Critics of the lecture methodology see it as an outmoded device for passive transfer of factual information. Defenders view it as critical, thought-provoking discourse. There is little data clearly supporting either view. Most significantly, the health professional student viewpoint is under-represented in the literature. We have, therefore, investigated the factors that motivate medical and dental students to attend non-compulsory lectures in the basic medical sciences. First year medical and dental students were asked to explain in writing why they attended lectures in a course in which the examinations are based entirely on a set of published notes. Thematic content analysis of the student responses was performed. Ten advantages to attending lectures emerged as dominant themes. These were reformatted as statements and arranged in a questionnaire asking students to indicate on a Likert scale the extent to which they agreed with each statement. The questionnaire was distributed to the new class of the following year. Most of the advantages were highly rated by the second class of students. Those that facilitate learning, e.g. providing focus or breadth, ranked higher than those that merely support learning (anxiety reduction). The advantage that ranked the lowest was time-efficiency, suggesting that students do not view the lecture as a particularly effective way to acquire factual information. We conclude that a substantial number of medical and dental students at McGill view lectures as a valuable multifaceted aid to learning.
For the past few decades, the lecture as a pedagogic methodology has been under attack. According to current conventional wisdom, lectures serve little purpose other than passive transfer of factual information1. They are inefficient, obsolete, and oppressive2,3. The lecture is, in part, a victim of a more general postmodernist disenchantment with the concepts of authority and hierarchy3. The status of the lecture has also suffered from rapidly developing technology that presumably liberates students and enables them to pursue and direct their own educations with minimal guidance from faculty.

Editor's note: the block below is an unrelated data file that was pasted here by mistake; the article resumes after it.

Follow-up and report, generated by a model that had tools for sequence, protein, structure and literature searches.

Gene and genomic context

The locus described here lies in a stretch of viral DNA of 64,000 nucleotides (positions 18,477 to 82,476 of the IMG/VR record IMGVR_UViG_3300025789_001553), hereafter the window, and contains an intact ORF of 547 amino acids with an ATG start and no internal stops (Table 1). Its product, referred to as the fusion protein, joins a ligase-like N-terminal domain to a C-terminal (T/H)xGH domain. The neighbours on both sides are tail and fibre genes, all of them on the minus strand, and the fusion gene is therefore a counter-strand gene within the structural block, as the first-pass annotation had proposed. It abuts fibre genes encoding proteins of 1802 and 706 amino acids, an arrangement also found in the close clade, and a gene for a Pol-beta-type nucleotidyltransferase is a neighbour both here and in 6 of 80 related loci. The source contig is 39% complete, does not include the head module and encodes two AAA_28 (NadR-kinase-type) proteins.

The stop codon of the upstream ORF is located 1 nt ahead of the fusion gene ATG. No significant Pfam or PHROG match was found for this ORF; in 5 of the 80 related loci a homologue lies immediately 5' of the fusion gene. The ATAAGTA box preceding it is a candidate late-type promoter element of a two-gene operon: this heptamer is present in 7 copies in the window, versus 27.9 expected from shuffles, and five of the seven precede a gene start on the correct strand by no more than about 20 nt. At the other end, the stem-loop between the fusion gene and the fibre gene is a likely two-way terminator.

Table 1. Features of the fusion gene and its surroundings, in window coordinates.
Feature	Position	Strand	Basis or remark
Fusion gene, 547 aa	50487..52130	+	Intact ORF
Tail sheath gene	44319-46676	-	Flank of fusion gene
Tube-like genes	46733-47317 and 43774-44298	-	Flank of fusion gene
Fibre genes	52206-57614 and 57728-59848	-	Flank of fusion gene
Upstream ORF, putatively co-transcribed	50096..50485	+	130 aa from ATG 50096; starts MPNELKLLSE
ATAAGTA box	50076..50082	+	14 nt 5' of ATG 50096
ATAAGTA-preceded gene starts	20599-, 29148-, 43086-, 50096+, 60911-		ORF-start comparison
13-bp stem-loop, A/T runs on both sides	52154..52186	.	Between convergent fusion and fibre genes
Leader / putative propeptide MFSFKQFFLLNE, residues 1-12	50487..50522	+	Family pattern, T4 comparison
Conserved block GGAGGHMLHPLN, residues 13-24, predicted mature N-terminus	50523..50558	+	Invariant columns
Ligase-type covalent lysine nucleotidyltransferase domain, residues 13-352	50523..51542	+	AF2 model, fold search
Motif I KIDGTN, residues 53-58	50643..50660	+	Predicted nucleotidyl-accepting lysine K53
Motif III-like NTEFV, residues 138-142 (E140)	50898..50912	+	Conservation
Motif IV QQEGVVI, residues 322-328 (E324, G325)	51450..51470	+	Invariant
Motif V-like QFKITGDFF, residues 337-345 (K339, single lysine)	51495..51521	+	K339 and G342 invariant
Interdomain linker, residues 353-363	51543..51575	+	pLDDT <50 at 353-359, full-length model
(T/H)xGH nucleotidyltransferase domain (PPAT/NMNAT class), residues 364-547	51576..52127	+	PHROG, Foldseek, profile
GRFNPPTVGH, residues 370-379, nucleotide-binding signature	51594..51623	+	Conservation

The lecture methodology does have its partisans, albeit a minority, who are no less passionate than its detractors. They see the lecture, at its best, as a critical, thought-provoking discourse in which a seasoned expert shares knowledge, experience and insight3. They maintain that conceptual information is best conveyed by spoken communication and that the human presence of the lecturer, as well as the social context, contribute significantly to learning4.
In view of the relatively scant and inconsistent data supporting either side, it is difficult to make sense of this vehement, often vitriolic dispute. Using student performance as an indicator, the majority of comparative outcome studies show no significant differences between the efficacy of lectures and a variety of other pedagogic methods in terms of knowledge acquisition1. Ostensibly, lectures are less effective than other methods when the objective is the application of knowledge, development of thinking skills, or the modification of attitudes1 Although several more recent studies support this assertion5,6, others do not7-9.